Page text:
Preserving quality with amplify effect

I have just recorded and saved a load of vinyl in 16-bit / 44100hz with sample rate converter set to high quality sync interpolation and dithering set to none as I did not originally intend to apply any effects to the recordings just save each track as an exported selection loss free ready to burn to cd, however the tracks are all different volumes as you would expect from the various vinyl sources, some of the tracks are pretty quiet and could do with a boost, I set the pre-amp / line in levels right for the first track so the peaks don’t go close to 1.0 on the waveform scale (about 0.7) but lots of the tracks I recorded after are much quieter and only reach about 0.5 on the scale.

My question is now I have already recorded and saved the tracks in 16-bit / 44100hz, is it possible to re-open the files in audacity > amplify > save with the above settings with zero loss of quality? Or once the tracks have been recorded too quiet in the first place is it impossible to boost them without losing quality (even if it is not noticeable to the human ear). I don’t want to do this if there is some other conversion process despite the above dithering settings and saving in the same bit rate and frequency, I understand with amplify the waveform is being changed and it is not a simple editing operation like delete / cut / paste, but I would think this is a fairly straightforward effect to apply? Are you going to lose quality simply doing as the below images show by using the default amplify setting (so there is no clipping)…

original recording:
<img]( src=“” border=“0” />

after applying amplify effect:
<img]( src=“” border=“0” />

I also tried running some of the quiet tracks through winamp with the pre amp on and the output set to disk writer (the wav export setting - no conversion) and I cannot hear any loss of quality compared to the original (using good headphones), but is there and I just cannot hear it? I could understand if I’m saving in different bit rates or frequencies and there is some process like interpolating or dithering going but I am just saving them in the same 16-bit / 44100hz format I recorded them in. Hope someone can help me so I know whether or not to amplify these quiet tracks as I would prefer they are the max level before burning to cd!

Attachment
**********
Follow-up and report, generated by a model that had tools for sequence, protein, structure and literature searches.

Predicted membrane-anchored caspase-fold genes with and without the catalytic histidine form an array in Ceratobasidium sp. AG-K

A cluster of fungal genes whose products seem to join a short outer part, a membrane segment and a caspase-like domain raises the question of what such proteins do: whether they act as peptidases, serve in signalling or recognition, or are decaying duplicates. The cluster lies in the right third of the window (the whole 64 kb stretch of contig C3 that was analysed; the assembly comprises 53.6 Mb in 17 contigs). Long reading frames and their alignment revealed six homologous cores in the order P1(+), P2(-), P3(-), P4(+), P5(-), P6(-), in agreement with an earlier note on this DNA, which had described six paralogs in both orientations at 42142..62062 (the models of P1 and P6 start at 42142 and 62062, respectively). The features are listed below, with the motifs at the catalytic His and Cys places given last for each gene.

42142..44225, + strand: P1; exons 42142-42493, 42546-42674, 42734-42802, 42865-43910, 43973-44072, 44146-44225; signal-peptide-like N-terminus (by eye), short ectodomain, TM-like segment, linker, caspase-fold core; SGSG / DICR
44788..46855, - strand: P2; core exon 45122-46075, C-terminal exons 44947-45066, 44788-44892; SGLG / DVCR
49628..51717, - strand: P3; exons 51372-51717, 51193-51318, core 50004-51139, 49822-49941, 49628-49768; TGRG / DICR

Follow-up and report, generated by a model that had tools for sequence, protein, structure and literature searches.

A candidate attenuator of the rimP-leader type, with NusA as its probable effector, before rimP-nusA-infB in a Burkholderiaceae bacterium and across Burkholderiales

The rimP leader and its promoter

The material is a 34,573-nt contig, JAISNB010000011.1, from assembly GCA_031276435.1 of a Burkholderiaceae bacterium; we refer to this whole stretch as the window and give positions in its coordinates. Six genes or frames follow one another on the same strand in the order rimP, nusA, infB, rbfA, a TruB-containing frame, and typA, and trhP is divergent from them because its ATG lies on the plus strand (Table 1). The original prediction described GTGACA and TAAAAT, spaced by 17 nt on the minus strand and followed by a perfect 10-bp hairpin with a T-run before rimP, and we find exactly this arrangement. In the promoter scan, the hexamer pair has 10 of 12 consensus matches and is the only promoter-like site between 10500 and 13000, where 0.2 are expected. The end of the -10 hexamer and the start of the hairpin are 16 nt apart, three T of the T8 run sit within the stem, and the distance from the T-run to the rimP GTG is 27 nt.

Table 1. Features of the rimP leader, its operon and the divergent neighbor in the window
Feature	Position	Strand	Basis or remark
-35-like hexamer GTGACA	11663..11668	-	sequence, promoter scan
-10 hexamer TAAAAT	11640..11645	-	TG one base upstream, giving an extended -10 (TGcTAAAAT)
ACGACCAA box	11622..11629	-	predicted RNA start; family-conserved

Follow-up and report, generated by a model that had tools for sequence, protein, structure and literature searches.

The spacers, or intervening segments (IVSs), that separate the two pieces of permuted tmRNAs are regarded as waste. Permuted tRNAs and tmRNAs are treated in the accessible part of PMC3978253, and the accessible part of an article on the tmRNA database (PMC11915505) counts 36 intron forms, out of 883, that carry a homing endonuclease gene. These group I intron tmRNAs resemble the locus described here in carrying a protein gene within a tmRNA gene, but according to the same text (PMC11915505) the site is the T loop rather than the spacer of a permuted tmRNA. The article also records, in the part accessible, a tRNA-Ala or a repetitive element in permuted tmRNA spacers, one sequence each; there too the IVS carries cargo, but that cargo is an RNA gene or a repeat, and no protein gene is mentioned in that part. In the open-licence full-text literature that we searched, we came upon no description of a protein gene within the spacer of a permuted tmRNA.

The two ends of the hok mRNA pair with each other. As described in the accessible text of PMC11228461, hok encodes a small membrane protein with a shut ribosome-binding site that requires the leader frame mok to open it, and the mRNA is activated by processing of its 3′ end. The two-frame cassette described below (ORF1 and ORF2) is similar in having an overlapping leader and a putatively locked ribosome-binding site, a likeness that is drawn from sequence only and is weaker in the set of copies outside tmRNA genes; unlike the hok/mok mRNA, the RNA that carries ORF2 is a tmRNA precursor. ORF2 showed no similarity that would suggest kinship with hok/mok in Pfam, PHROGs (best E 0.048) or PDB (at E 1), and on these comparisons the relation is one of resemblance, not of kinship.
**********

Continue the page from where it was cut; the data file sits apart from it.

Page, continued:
The dithering is there because Audacity works internally at 32-bit floating, not 16 bit. So everything is a conversion. If you were reasonable with your capture settings, I doubt you would hear any problems. People who get into trouble are the ones with very serious volume problems and the ones trying to do Audio Forensics.

A word on the Audacity timeline. It’s in Percent, not Acoustics or Volume To Your Ear. It’s done that way because it makes editing a bit easier and more convenient since the most audible part of the show appears using the most screen real estate. However, 0.5 converts to only 6dB change out of the 65dB range that you can actually hear. Since your natural peaks on the sound meter should not get closer to 0 than about 3, that’s only about a 3dB change which most people can’t hear at all.

I’d probably leave the shows just where they are. I’s possible some shows will present louder than others not related to the blue waves. That’s sound processing and you can do some of that in Audacity, too.

Note you only run into show problems if you try mashups over many multiple albums covering years.


A peak level of 0.7 should be fine. There will be little if anything to be gained by re-processing the files compared with just turning up the playback volume a little.

Speaking of absolutes the answer would normally be no, but with some possible exceptions.